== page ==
This case [] presents a unique factual scenario. On one hand, we have a parent whose history of relapses gives us concern as to her ability to affect the lasting change. But on the other hand, we have at least one child whose already precarious mental health will be extremely harmed if the parent-child relationship is terminated, particularly if Mother continues on her path of sobriety. Moreover, the child’s counselor explicitly testified that reunification with Mother is in the child’s best interest if Mother is continuing to work through her issues, even if that reunification is delayed by a period of many months. As to the other child, his best interests are best served by reunification with his sister, and also having the opportunity to maintain his significant bond with Mother. And the possibility of permanence for both children in another home is uncertain.

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We agree [with the trial court] that this is a complicated and difficult case. When children have been in the care of DCS for years and their parents still have not managed to make progress, typically the law favors termination.

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Tennessee law recognizes the possibility that terminating an unfit parent’s parental rights is not always in the child’s best interest. As such, a child’s best interest is viewed from the child’s, rather than the parent’s, perspective. Viewing the best interest question through this lens, the importance of other factors comes into sharper focus.

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[E]ven in “close cases,” where the parent has a meaningful relationship with the children. …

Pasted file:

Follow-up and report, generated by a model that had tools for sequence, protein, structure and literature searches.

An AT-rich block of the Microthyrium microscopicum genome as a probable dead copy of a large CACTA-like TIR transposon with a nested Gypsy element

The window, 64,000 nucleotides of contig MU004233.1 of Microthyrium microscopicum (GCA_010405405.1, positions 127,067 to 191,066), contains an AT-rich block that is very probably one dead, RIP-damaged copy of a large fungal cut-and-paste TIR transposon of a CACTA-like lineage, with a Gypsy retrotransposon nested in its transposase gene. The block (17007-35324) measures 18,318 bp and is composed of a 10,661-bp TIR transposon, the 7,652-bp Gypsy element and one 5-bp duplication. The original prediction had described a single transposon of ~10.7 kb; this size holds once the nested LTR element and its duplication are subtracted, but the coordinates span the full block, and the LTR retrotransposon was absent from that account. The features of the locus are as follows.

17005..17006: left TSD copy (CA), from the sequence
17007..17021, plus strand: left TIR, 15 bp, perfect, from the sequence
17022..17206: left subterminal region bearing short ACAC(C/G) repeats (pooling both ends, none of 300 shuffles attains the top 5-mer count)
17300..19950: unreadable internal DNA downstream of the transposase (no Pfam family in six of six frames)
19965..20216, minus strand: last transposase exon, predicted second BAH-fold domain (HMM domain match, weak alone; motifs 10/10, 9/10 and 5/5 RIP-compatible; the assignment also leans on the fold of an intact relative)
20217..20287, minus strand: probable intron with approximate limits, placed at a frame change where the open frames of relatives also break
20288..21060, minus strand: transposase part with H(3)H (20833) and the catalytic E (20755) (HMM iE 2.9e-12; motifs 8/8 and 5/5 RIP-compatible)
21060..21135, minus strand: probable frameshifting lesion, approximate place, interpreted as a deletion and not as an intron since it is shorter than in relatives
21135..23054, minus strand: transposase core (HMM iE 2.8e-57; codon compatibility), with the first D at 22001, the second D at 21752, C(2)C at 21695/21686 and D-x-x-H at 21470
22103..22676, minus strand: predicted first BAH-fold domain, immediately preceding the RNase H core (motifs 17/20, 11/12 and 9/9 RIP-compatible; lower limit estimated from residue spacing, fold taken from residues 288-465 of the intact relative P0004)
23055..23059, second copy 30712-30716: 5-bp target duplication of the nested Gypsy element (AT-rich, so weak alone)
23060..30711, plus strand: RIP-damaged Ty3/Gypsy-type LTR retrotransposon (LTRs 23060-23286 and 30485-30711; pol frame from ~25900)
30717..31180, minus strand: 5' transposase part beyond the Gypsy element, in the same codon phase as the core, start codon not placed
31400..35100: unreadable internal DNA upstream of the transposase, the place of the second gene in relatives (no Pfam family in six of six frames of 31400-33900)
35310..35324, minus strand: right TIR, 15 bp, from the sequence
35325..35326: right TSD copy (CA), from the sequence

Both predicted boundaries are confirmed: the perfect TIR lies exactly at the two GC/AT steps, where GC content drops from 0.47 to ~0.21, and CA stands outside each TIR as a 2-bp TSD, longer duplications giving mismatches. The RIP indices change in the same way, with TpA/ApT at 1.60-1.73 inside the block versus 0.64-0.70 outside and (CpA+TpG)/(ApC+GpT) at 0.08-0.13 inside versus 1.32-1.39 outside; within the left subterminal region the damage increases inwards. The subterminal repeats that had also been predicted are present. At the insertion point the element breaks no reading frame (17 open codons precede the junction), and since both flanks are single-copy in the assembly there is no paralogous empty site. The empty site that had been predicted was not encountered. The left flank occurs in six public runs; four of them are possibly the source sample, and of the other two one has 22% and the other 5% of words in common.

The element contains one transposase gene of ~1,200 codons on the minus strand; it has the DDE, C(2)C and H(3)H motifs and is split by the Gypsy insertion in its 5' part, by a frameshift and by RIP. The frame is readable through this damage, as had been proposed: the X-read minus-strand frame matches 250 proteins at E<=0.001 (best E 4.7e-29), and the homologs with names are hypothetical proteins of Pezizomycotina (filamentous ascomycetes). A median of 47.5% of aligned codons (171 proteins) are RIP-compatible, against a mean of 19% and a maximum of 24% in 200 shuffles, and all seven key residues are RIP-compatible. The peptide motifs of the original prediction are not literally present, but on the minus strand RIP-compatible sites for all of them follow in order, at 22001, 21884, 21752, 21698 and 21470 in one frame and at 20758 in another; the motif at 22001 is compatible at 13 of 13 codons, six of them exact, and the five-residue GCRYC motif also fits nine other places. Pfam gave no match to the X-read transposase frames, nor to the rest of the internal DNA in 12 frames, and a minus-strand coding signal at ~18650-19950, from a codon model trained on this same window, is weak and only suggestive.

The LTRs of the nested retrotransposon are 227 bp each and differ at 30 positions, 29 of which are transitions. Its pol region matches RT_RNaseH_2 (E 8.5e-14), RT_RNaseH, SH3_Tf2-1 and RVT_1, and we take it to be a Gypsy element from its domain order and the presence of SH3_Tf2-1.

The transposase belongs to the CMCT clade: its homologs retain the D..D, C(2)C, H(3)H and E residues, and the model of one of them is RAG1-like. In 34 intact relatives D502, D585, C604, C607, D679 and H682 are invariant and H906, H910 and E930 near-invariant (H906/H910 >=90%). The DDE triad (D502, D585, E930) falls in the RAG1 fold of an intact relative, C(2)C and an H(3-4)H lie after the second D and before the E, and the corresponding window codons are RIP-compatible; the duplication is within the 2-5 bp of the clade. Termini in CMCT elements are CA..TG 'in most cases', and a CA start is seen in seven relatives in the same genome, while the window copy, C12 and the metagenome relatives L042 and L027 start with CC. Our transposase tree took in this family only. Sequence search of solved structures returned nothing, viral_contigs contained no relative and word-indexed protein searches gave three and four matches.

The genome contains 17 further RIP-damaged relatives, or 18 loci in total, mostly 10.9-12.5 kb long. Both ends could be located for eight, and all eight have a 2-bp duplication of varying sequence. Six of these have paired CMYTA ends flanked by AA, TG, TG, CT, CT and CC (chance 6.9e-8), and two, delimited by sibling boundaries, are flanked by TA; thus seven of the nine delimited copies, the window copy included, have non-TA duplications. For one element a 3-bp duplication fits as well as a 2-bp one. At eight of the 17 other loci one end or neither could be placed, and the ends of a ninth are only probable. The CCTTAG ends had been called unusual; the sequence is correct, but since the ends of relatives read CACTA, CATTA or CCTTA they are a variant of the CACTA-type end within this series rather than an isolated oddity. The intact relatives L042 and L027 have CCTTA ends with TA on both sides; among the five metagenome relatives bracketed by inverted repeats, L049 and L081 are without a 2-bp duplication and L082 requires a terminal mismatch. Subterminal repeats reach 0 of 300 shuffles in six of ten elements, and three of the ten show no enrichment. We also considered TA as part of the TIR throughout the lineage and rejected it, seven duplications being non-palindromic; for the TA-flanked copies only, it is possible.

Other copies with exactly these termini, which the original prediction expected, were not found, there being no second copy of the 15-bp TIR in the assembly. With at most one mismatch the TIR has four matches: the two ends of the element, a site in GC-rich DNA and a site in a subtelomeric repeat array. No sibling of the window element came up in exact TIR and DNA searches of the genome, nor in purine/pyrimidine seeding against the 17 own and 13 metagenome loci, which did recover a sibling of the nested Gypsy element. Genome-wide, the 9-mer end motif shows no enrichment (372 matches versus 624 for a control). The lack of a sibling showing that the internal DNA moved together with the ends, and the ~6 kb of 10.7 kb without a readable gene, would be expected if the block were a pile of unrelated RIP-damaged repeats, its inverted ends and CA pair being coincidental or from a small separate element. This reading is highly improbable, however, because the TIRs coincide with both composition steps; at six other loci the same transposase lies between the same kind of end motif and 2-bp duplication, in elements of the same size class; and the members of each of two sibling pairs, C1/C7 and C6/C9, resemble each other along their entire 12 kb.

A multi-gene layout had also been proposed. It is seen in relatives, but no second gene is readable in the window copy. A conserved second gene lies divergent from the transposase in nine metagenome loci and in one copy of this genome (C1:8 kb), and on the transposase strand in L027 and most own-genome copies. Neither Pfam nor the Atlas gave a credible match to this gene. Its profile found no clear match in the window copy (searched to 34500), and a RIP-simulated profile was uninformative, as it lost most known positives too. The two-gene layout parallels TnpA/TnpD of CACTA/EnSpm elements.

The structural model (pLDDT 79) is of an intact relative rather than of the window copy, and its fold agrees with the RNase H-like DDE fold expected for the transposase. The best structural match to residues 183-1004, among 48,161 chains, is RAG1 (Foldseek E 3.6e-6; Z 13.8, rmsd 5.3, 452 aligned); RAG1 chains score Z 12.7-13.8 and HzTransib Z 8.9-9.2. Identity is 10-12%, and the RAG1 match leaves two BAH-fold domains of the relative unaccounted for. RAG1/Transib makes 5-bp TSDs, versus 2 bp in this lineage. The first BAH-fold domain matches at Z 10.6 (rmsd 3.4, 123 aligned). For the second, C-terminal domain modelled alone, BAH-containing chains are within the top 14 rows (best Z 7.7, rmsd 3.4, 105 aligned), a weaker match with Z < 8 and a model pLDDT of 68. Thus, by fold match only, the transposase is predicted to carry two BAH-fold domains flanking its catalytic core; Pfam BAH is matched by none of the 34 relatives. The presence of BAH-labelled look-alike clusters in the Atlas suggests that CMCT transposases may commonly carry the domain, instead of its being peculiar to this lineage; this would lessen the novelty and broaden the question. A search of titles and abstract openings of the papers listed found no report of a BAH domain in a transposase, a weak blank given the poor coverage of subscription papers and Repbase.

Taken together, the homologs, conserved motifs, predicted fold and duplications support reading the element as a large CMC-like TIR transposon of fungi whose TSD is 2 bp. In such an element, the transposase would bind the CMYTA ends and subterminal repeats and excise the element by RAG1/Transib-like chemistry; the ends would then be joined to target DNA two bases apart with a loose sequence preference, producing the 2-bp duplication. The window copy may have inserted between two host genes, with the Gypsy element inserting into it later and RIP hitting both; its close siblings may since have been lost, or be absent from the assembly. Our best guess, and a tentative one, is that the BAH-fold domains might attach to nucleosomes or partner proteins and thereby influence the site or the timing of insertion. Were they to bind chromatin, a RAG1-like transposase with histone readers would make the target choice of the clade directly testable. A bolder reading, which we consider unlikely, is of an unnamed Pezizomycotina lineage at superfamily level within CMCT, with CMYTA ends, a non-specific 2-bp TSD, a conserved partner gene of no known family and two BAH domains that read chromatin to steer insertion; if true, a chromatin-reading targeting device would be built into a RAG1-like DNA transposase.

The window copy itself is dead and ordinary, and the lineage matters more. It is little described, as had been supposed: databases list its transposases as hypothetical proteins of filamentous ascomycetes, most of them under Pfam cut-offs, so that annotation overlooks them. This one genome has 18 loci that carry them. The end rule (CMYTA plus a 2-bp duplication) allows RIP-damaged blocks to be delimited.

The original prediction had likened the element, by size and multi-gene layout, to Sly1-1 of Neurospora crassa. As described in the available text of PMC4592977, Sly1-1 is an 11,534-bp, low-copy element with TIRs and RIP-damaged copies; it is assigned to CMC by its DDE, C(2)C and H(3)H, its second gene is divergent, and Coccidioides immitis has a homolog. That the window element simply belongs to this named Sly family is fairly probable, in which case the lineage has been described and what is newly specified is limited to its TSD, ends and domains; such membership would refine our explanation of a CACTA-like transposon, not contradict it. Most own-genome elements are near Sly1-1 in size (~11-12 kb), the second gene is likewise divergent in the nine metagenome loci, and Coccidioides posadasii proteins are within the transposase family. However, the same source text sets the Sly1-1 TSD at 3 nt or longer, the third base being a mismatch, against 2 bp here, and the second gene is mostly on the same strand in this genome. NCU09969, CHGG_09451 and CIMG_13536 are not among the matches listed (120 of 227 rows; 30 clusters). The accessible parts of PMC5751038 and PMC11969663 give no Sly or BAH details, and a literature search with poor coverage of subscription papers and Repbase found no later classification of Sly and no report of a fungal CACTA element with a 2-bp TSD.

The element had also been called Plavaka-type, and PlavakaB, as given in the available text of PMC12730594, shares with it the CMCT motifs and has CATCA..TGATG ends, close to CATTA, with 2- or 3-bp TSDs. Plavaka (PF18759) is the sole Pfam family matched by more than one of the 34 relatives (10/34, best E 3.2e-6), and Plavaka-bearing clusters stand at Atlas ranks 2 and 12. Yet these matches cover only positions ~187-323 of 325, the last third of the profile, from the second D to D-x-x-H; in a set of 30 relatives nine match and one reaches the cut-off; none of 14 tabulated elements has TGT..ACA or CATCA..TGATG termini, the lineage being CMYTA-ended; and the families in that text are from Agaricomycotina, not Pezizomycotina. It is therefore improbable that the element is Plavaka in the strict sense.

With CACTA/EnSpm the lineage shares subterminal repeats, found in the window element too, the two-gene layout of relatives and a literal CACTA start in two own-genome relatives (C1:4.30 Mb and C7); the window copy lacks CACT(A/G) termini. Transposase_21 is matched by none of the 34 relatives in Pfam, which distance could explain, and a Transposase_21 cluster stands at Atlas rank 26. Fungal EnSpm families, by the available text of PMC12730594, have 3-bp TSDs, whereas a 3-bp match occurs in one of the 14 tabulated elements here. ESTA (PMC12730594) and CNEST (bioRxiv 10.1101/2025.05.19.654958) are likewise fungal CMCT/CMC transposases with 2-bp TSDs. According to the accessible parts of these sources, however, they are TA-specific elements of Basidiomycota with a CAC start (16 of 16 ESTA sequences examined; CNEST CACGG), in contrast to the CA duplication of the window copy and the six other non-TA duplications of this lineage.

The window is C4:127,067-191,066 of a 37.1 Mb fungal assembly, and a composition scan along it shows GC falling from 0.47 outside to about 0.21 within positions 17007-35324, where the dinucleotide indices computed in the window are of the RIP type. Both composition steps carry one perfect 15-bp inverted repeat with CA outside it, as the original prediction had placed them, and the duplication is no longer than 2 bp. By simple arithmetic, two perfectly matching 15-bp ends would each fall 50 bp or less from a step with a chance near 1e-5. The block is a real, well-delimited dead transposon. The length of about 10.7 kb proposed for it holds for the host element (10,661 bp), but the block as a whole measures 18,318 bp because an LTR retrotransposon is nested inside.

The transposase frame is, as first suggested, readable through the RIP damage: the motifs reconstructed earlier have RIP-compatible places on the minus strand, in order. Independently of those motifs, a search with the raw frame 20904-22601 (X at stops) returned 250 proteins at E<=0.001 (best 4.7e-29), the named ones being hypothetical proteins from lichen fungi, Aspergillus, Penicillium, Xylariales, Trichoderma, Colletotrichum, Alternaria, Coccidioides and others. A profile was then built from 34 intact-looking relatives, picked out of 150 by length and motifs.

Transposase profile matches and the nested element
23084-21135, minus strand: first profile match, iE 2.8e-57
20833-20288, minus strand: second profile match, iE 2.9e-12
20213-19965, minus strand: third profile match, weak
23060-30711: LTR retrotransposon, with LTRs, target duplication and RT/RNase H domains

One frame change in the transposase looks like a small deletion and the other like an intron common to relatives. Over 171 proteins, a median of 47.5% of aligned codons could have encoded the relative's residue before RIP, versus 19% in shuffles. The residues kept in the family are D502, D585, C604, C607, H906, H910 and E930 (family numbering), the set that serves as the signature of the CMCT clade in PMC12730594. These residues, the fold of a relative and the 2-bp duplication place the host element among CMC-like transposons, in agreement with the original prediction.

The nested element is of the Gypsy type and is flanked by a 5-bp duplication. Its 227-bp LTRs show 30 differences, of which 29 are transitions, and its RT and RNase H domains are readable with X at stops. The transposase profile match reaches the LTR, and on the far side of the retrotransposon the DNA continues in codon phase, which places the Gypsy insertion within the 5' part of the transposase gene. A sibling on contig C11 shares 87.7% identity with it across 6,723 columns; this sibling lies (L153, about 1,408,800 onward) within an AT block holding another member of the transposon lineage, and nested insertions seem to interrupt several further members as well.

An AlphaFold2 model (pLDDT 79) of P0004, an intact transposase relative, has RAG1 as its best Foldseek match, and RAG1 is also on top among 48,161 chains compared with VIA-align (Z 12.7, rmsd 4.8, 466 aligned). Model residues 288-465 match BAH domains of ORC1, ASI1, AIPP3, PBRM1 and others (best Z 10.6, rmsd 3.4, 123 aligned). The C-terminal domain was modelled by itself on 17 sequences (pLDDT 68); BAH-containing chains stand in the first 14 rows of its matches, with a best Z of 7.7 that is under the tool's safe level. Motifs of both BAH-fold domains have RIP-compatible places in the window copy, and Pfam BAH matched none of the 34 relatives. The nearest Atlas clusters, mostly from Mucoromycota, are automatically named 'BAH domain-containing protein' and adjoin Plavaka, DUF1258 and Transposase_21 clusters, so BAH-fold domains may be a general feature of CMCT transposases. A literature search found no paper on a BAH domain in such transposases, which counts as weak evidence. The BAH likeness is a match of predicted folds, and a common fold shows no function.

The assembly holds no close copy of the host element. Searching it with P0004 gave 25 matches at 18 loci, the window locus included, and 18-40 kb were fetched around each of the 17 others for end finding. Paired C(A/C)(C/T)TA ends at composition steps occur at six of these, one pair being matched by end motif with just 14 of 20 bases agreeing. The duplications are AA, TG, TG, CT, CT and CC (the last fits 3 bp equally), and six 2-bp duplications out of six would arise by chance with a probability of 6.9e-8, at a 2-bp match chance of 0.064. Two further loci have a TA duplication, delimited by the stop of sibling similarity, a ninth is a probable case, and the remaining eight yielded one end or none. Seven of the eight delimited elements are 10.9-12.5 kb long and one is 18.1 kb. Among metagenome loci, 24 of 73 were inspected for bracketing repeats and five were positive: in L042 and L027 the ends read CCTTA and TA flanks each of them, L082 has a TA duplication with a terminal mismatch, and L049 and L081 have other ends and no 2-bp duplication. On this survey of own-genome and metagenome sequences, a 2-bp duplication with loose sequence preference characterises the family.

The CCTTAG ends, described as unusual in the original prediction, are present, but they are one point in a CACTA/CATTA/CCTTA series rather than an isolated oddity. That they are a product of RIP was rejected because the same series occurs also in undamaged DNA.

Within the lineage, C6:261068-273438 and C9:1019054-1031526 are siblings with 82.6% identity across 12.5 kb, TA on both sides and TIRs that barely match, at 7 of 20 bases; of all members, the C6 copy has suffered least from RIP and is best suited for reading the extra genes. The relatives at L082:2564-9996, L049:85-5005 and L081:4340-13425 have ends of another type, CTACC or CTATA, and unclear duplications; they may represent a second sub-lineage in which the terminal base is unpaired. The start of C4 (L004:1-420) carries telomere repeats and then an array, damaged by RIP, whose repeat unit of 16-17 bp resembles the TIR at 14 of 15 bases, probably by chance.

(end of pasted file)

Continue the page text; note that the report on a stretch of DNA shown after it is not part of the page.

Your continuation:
The bond between Mother and her children in this case is extremely and indisputably close. Of course, a meaningful relationship alone is not sufficient to show that a child’s best interests are served by continuing the parent-child relationship. This is particularly true when a child has been in DCS custody for a long period of time waiting for a parent to make consistent enough progress to allow reunification.

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Lacking a crystal ball, we cannot be sure that Mother’s positive changes will last. But we cannot totally discount Mother’s more recent, yet months-long positive efforts, as that is precisely how the system is designed to function—to help parents make positive adjustments.

While we agree Mother may not be able to presently assume custody of the children, this fact must be considered as merely part of the constellation of factors analyzed in determining a child’s best interest, which is unique to each individual case. …

The issue of the children’s long-term custody is important here. In particular, we note that the prospect of finding a permanent adoptive home for the children together is also somewhat speculative. Testimony from DCS was that neither child was in a confirmed preadoptive home and that it may take a nationwide search using something akin to a dating website to find adoptive homes for the children. While, again, Mother may not be able to presently assume custody, terminating Mother’s parental rights may therefore accomplish nothing other than setting the children adrift with no adoptive family. …

The burden to demonstrate that termination is in the child’s best interest falls solely to DCS. … While we continue to have doubts that Mother will be able to maintain her sobriety long-term, we also have equally if not stronger doubts that the children’s best interests will be served in this particular case by abandoning any hope of reunification and severing the ties between parent and child.

We therefore hope that this case serves as a reminder to Mother that her children remain in limbo and that her choices have profound effects on their lives. Certainly, we have been disappointed before. But the proof presented by DCS simply did not meet its high burden to show that Mother’s parental rights should be terminated at this time.

The Court reversed the termination of Mother’s parental rights.

In re Jayda J. (Tennessee Court of Appeals, Middle Section, July 21, 2021).

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Termination of Parental Rights Reversed in Cookeville, Tennessee: In re Jayda J. was last modified: July 31st, 2021 by K.O. Herston